Respective Signings By The New York NFL Clubs Neither Inspire, Nor Call For Explosions Of Outrage


By Ernie Palladino
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It’s not often that two teams in the same city sign two veteran quarterbacks whose sum amounts to one big shoulder shrug.

That’s exactly what the Jets and Giants did the past few days when they added Josh McCown and Geno Smith, respectively, to their rosters. Without a hint of star power between the two, their signings raised barely a ripple, despite their jobs in the most important area on any pro football team.

Give general managers Mike Maccagnan and Jerry Reese this much: They did get their new guys cheap. Neither will be around long, since each is under a one-year deal. McCown — let’s call him Ryan Fitzpatrick Lite — came for $6 million, half as much as Fitzpatrick cost last year. Smith got $2 million for the honor of backing up the indestructible Eli Manning.

Neither finds himself in a position to do much lasting damage.

They won’t do a great lot of good, either, which makes you wonder why either GM bothered in the first place.

Browns quarterback Josh McCown throws a pass during the fourth quarter against the Pittsburgh Steelers on Nov. 20, 2016, in Cleveland, Ohio. (Photo by Jason Miller/Getty Images)

The Jets, rebuilding for the umpteenth time in their history, needed an extension of sorts to Fitzpatrick, a veteran mind who can start and perhaps teach Bryce Petty and Christian Hackenberg a thing or two about being a pro while they finish up polishing school. McCown can do that, as the 14-year veteran is known as a good guy in the locker room.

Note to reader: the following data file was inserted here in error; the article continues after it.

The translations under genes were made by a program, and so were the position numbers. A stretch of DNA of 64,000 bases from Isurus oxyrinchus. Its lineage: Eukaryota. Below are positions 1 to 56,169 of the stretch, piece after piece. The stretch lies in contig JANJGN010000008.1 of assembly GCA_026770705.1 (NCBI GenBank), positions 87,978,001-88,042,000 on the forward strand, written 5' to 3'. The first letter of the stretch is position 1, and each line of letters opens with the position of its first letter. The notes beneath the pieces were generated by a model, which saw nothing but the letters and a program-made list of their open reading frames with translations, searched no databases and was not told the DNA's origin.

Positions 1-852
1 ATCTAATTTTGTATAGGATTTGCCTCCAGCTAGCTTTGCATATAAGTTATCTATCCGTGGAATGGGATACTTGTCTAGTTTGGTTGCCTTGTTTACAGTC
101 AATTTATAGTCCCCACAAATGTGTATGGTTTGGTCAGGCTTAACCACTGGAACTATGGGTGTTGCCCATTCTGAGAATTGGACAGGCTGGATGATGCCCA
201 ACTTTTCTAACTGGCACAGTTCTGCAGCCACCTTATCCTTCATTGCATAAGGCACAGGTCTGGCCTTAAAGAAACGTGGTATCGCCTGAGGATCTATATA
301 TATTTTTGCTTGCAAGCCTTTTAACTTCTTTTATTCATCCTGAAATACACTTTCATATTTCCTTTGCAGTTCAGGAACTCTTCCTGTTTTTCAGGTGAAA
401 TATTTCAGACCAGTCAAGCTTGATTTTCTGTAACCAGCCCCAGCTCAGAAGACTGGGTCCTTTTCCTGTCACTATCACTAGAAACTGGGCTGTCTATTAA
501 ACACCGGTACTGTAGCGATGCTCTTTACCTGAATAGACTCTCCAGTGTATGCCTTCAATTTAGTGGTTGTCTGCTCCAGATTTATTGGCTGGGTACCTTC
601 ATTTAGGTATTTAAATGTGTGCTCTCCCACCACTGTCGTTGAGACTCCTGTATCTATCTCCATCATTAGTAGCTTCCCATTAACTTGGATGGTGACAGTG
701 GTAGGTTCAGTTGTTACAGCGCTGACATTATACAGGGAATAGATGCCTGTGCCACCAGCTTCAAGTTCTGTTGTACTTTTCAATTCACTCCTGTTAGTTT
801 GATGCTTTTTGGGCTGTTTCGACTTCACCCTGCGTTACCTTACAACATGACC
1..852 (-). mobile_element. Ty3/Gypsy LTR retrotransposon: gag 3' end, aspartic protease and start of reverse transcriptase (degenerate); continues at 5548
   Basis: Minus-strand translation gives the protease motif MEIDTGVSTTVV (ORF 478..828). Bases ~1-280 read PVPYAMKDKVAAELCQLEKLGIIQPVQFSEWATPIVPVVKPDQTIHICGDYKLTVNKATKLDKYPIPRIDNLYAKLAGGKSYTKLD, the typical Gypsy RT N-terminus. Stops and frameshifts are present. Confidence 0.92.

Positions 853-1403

He can teach them work ethic. He can teach them how to keep one’s chin up when the rest of the world is collapsing around them. All good things.

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What he can’t teach them is how to win, which happens to be the only trait by which a quarterback is judged. A lifetime of bad teams, most recently the hapless Browns, has left him with a career record of 18-42, and 2-20 over the last three years with Tampa Bay and Cleveland.

The Jets will go nowhere with McCown. But at least he’ll buy them a year to decide whether Petty or Hackenberg prove better options than 2018’s quarterback-rich draft. If he wins a few games before handing the keys to one of those two in 2017, so much the better.

In total, a ho-hum signing. No harm done. But no excitement generated, either.

Nothing to see here, folks. Move along.

So, too, with Smith.

The only curiosity here is why the Giants signed him at all. They’re not in the habit of charity signings. And it’s clear they can do more for Smith than he can do for them.

Still, at least they have Smith’s man-sized arm and child-sized brain in a position where he won’t do much harm. He’ll look great in that baseball cap as he follows Manning around with tablet in hand during games. Manning’s 211-game starting streak dating to 2004 assures fans and coaches alike that Smith will never see a post-preseason down unless Manning’s foot winds up under an anvil.

Smith knew that going in, and he appears to have accepted his position as student and scout-team leader.

One only hopes that he learned from his own encounter with IK Enamkpali’s fist two years ago to keep his mouth shut in the locker room. It’s unlikely the re-signed Jason Pierre-Paul or Smith’s ex-Jets teammate, Damon Harrison, will take with any like nonsense without a strong answer.

Assuming Smith does behave himself, the Giants have put themselves in the same shape, no worse, than in the previous three years with Ryan Nassib behind Manning.

If Eli gets hurt, the season goes down with him, anyway.

The Jets and Giants signed neither stars nor saviors. It’s even a stretch to call McCown or Smith placeholders.

Ineffectual? They define the word.

They merit neither wild celebration nor ticket-burning protests.

Just a shrug.

Follow Ernie on Twitter at @ErniePalladino